City Guide: Miami
My uncle Sy lives just north of Miami Beach in Florida. Whenever I ask him how he's doing, he always gives me the same answer. How bad could anything be? I'm living in paradise! Everybody's got their own idea of paradise, of course, and many people don't accept my uncle Sy's. But enough people do to make this big sandbar off the tip of Florida a pleasure palace, first for Americans in search of a winter beach spot and then for the entire world. This has been going on for over 100 years now, ever since an early investor named John S. Collins determined that tourism was a better business than avocado farming, which is what brought him south. In 1915, Miami Beach was newly incorporated as a township with three hotels, two bath houses and one 18-hole golf course.
Collins made sure his name will never be forgotten, even by people who had never heard of him, by giving it to the main avenue that runs north and south through Miami Beach. To get into the spirit of Miami Beach history, not to mention enjoying a spectacular meal, take yourself to Joe's Stone Crab House near the tip of Miami Beach, a few feet away from where Collins Avenue starts. Joe's founder, one Joe Weiss, had come south for his asthma and opened a small lunch counter in 1913. Some time after that, Joe discovered that the abundant local stone crabs made great eating when boiled, chilled, cracked and served with mustard mayonnaise, which is why people have been lining up at Joe's (no reservations taken) for decades, and still do.
To take in the full sweep of Miami Beach looking northwards, head through the historic Art Deco District with its lovely pastel buildings (stop at the News Cafe across from the beach for a coffee and some first-class people watching) to the elegant Herzog & DeMeuron-designed tower at 111 Lincoln Road. On the penthouse sits Juvia, whose gang of all-star chefs fuse French, Asian and Latin American cuisines into something altogether indefinable and marvelous. And the view is one of Miami's most jawdropping.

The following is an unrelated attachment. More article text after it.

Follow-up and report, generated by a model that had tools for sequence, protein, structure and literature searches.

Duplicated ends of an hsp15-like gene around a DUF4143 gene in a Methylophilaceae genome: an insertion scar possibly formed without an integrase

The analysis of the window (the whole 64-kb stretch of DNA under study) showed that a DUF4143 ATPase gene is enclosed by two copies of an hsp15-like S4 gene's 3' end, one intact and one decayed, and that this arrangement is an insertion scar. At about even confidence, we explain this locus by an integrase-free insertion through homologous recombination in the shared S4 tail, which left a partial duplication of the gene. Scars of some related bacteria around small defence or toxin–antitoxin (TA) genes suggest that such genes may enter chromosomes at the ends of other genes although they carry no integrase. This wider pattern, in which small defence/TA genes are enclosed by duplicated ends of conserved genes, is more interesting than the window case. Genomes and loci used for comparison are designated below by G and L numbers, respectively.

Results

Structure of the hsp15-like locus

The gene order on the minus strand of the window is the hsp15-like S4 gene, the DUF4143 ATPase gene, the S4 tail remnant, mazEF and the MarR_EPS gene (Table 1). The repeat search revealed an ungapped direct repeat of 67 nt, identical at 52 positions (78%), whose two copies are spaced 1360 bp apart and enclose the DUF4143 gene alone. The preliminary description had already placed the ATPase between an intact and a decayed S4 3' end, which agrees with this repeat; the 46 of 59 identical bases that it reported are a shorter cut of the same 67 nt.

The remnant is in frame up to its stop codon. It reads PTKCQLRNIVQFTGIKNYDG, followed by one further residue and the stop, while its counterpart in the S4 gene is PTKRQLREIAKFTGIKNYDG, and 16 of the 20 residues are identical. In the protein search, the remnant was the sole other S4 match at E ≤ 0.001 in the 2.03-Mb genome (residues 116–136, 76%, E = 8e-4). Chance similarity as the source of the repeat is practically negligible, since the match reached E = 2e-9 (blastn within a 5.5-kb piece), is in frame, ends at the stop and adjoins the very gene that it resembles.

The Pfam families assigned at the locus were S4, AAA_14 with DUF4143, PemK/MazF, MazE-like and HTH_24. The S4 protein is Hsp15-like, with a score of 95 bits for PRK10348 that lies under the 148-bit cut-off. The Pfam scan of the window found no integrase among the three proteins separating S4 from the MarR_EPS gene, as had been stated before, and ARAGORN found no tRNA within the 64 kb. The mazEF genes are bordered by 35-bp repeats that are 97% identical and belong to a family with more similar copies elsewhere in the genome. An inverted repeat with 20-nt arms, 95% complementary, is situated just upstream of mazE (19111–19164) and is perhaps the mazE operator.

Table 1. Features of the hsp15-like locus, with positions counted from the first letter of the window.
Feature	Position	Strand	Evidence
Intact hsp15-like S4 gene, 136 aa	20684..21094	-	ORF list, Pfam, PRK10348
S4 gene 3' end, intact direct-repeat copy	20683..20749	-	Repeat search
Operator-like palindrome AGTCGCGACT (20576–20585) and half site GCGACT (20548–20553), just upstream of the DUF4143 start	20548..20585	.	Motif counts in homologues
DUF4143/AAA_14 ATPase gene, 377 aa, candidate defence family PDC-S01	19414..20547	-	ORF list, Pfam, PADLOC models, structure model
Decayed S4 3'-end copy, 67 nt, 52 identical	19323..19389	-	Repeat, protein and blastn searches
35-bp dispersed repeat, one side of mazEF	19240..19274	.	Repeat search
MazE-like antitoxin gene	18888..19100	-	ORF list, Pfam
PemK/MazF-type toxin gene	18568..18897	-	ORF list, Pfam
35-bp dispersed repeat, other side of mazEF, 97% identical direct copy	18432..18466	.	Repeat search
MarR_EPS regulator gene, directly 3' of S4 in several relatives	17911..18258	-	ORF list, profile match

From Juvia's rooftop, you can spy the grandiose Fontainebleau Hotel, designed in 1954 by Morris Lapidus, the Mies van der Rohe of Miami. The Fontainebleau is a Miami legend, too. Sinatra and Presley stayed here and James Bond played gin rummy here in Goldfinger. The hotel had a billion-dollar renovation in 2008, and your fellow guests today might include Heidi Klum, Lady Gaga or a stray Kardashian. A comedown? Not for us to say. The hotel's Bleau Bar is the place to see them. Among the hotel's eight restaurants, try Michael Mina's Stripsteak for pork belly "instant bacon" and salted caramel bread pudding.
Of course, Miami Beach is as much about constant renewal as it is about history. The economic crisis hit Florida hard, but it's bounced back buoyantly. Not far from the Fontainebleau on Collins Avenue you'll find a new hotel called The Thompson, which has restored a 1940s art deco tower and reinterpreted 1950s style bohemian chic. Book a balcony suite and you'll swear you stepped onto a set from Mad Men. The Thompson is also where you'll find Seagrape restaurant, a venture from Miami's culinary darling and James Beard award-winner Michelle Bernstein (Bernstein beat rock star chef Bobby Flay on Iron Chef, which is really saying something.) Try the braised short ribs with corn bread foam and die!
Hotelier Ian Schrager is no stranger to Miami Beach. He came down here in the 50s with his family, like I did. He revamped the Delano Hotel, where Bally held the Triangle Walks exhibition during Art Basel Miami in December (link to article), which has become a modern landmark. Now he's back with Miami Beach Edition, also on Collins Avenue. Schrager's new Edition occupies what used to be the old Seville Hotel, but he's turned his back on the Deco roots for a gleaming modern take on luxury. If you really feel like splurging, book one of Edition's two-level beachfront bungalows, with its light wood-panelled walls, and forget old Morris Lapidus. Not to be outdone in the restaurant department, Schrager teamed up with all-world chef Jean-Georges Vongerichten. Jean-George's Market is his take on the classic 24-hour Miami coffee shop, inspired by the great old markets of Madrid and Barcelona. His more formal Matador Room re-interprets the Latin American and Caribbean cuisines that form such an important part of Miami's cultural heritage. Check out the arroz con pollo, a humble classic that has been turbo-charged with brined chicken flash-fried and submerged in a broth of edible kelp before going into the oven.
Joe Stone’s Crab
11 Washington Ave, Miami Beach
800 Ocean Dr, Miami Beach
Lincoln Road Mall, 1111 Lincoln Rd, Miami Beach
4441 Collins Ave, Miami Beach, FL 33140, United States
Bleau Bar at Fontainebleau
Stripsteak at Fontainebleau
4041 Collins Ave, Miami Beach
1685 Collins Ave, Miami Beach
The Miami Beach Edition
2901 Collins Ave, Miami Beach
Matador at Edition
Market at Edition